Wet goals

I have just completed a course of swimming lessons which has meant I have improved my swimming for the first time since I left school. And this is a LONG time! At the end of the course, our teacher gave us a small piece of advice: always plan your swimming sessions. Don’t just turn up and start swimming. Have a plan for how many lengths you are going to do, what stroke, what you are practising. Otherwise you will almost certainly end up doing less than you want.

My response to this was to think of all the times I have taught motivation and the importance of goal setting. And how many people told me how useful it had been. And so I found (to my shame) thinking “I know ALL about this. There’s no need to tell me.”.

And then I remembered how I had just turned up to the pool on Tuesday without a plan and had ended up doing less training than I wanted even though I know how important it is to set goals and find ways to make yourself achieve them. Indeed, the reason I am swimming is that I have an event I want to take part in later in the year. So I had set the big goal (a 2.5K open water swim in July). I had then set another (sign up for swimming lessons even though this will make me feel rather uncomfortable). I had even downloaded an app to record the amount of swimming I was doing. But I had stopped there and missed a vitally important step. And my young swimming teacher had reminded me about this and I very nearly missed it.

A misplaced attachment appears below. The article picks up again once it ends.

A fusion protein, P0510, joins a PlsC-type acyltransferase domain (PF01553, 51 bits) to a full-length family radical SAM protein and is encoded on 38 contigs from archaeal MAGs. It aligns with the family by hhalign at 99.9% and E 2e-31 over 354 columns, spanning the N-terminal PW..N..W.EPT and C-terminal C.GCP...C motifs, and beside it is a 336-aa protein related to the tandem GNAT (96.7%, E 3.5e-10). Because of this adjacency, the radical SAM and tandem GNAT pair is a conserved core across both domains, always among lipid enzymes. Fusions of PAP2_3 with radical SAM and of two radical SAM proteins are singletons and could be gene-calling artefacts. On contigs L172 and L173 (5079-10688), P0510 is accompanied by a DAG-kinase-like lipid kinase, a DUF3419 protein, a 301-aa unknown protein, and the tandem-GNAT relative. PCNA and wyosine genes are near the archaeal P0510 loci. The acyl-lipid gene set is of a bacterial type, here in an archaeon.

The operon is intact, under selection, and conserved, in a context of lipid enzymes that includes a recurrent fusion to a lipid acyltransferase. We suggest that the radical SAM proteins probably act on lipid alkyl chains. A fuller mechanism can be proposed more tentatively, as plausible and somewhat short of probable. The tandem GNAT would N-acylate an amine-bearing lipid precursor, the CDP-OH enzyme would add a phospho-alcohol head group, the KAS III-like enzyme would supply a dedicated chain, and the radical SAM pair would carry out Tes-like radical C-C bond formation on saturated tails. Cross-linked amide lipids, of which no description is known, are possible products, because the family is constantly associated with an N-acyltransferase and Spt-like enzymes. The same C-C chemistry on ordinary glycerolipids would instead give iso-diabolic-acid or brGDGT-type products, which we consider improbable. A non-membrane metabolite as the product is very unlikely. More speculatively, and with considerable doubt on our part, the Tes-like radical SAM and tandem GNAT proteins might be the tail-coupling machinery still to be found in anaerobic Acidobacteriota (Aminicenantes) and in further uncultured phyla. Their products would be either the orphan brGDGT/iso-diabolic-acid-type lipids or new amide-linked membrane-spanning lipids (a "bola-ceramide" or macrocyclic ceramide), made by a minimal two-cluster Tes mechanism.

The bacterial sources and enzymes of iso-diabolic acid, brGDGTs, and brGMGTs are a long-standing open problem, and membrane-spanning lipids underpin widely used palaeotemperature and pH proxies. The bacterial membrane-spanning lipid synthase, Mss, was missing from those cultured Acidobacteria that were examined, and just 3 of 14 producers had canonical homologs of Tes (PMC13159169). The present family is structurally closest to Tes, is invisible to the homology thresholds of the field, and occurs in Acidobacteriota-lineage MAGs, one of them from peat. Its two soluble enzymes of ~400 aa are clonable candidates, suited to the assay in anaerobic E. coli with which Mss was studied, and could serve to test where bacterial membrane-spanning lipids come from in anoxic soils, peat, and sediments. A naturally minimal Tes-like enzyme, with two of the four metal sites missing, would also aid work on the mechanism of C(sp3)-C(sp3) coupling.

I am by nature pretty scatty and resist formality (hence choosing to work as an academic I suspect!). But this means I need to remember to be planned and structured about things as it doesn’t come naturally.

I think this sort of thing happens quite a lot, so I wanted to pass on what I have learned here:

  1. Be watchful about complacency. Even when you are regarded as an expert, you need to make sure you are heeding the advice that you would give to others.
  2. Be planned. And if this doesn’t come naturally, remember to watch out for times when you revert to being unplanned.
  3. Surround yourself with people who compliment your skills. Easily the best way I have discovered of achieving this is first check your strengths using this tool.  And then have your team do the same. And think carefully about what that tells you about where your strengths as a group are, where you compliment each other. And where your blind spots might be.
  4. Ask yourself this question right now: what am I learning at the moment? It is a fundamental human motivation to feel we are getting somewhere, that we are growing. And if you aren’t – either at work or outside – then challenge yourself to learn something. Anything!

I have written about how to use strengths in this blog, and if you would like to discuss how I might be able to help your team, do get in touch.

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